Employment contracts haven't changed much since ancient Roman times: they're all about showing up and doing the job, not about whether the job will be satisfying or whether the employee will get the tools and authority they need to do the job. Startups may have free snacks and lots of perks, but once they grow into large companies it tends to be business as usual, with hierarchies and managers whose priorities might not actually help employees deliver what the business needs. Could a CEO taking a radically different approach do better?
That's what Charles Towers-Clark explores in The WEIRD CEO: How to lead in a world dominated by Artificial Intelligence. 'Weird' doesn't mean strange in this case: it's an acronym for principles that are intended to make employees more independent and, at the same time, more involved and invested in the success of the organisation.
Wisdom, which Towers-Clark glosses as getting employees to ask if a decision is the right one to make. Emotional intelligence — how does this decision affect other people? Initiative — letting employees implement the decisions they make. Responsibility — the Spiderman-style obverse to the power of being able to make and implement decisions. Development — what employees can learn from how each decision works out.
These aren't entirely novel ideas: there are similarities to the hierarchy-free holacracy at Zappos (although the discussion of what's different is a long way into the book), the unlimited vacation policy at various startups, and Microsoft's 'learn it all rather than know it all' growth mindset. The WEIRD principles all have downsides that the author brushes past briskly before going back to the pressures of change — AI, IoT, automation — and then returning to talk about businesses like Ricardo Semler's Brazilian company Semco Partners that already work this way. The book then jumps between the principles of responsible AI, whether education needs some fundamental changes, and the various studies and initiatives that attempt to prove or disprove whether universal basic income could work.
All of this is interesting, but rather disjointed. The WEIRD CEO is also uneven. Towers-Clark makes a lot of assumptions: that the kind of general artificial intelligence that can creatively solve problems will show up; that millennials are really as entitled as all the headlines say; that autonomous cars are going to take over. The extensive references at the back of the book are as likely to be blogs and opinion pieces as peer-reviewed research. Comparing GDPR to the inefficiency of getting the plumbing repaired in the Soviet Union (because bureaucrats have too much authority) is a strange metaphor, especially when it comes right after the fascinating point that New Hampshire is the only US state where people — rather than hospitals or smart device makers — own their own health data. The potted history of deep learning is rather shallow, but it does lead into an interesting discussion of which job types are more or less likely to be replaced through AI and automation.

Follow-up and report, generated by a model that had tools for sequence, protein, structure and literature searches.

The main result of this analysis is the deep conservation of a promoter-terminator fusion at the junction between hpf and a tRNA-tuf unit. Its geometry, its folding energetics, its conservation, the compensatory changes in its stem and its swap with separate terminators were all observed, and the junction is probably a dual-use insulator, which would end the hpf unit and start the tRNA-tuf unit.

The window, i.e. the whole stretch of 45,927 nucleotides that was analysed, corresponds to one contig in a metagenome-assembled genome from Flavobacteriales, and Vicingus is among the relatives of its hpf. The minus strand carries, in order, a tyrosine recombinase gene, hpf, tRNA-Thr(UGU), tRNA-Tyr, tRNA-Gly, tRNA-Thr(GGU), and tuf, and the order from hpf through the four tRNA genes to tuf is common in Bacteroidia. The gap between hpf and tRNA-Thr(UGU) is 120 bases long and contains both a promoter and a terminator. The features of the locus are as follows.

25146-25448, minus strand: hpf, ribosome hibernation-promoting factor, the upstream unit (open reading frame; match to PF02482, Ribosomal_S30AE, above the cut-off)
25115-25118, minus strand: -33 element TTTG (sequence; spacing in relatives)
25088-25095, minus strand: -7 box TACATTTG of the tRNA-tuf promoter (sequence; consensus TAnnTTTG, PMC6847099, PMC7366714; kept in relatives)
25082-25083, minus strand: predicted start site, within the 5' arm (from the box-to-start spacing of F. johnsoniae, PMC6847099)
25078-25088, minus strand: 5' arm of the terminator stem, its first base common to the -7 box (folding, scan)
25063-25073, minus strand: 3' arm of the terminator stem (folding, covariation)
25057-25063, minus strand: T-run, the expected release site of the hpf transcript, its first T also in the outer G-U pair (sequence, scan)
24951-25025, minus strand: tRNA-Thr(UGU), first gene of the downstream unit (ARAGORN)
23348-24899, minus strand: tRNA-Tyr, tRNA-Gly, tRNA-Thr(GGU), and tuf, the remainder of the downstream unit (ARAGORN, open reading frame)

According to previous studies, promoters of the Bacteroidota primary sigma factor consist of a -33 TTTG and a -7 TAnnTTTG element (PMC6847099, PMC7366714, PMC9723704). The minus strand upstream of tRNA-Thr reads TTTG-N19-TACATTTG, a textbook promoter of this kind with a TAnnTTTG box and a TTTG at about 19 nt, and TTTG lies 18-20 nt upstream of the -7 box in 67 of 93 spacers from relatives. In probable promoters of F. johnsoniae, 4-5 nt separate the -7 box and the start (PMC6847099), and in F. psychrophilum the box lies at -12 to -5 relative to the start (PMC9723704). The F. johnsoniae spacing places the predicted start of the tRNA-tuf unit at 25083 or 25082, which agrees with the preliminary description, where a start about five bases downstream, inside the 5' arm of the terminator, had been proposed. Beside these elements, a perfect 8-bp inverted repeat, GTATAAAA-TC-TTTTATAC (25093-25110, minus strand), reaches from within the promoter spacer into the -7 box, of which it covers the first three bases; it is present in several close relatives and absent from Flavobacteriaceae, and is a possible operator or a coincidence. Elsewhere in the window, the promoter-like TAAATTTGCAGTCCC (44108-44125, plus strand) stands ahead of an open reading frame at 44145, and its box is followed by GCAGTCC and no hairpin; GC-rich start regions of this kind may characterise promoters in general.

A book of two halves
The second half of the book is much more useful, because it's about how the WEIRD principles work in practice at Pod Group — the company where Towers-Clark is CEO. Allowing employees to choose their own work and set their own salaries is rather more radical than leaving decisions about which cloud provider to choose and how many VMs to provision up to the person who will be managing that cloud hosting day to day. Semler's guiding principle that 'self-management is self-interest' makes sense but also sounds rather abstract, so the details of how the organisation handles seating plans, salaries, disagreements, egotistical 'rock stars' and employees who aren't performing well are critical.
If your first thought is that switching to self-management is going to be confused, controversial and chaotic, then the chapters documenting the process at Pod Group confirm that people don't like change, and that communication is vital when you're asking them to be more autonomous. Written as blog posts while the company was undergoing these changes, the chapters reproduce the uncertainty rather than looking back with 20:20 hindsight. They're a little too raw to give you a blueprint of how to proceed at your own organisation, but as Towers-Clark points out, every organisation is different.
A little more structure would make this a more useful book, and you'll have to dig through plenty of anecdotes and summaries to access the insights. While it may not have all the answers, The WEIRD CEO is a useful reminder of the questions that every business leader needs to be asking.
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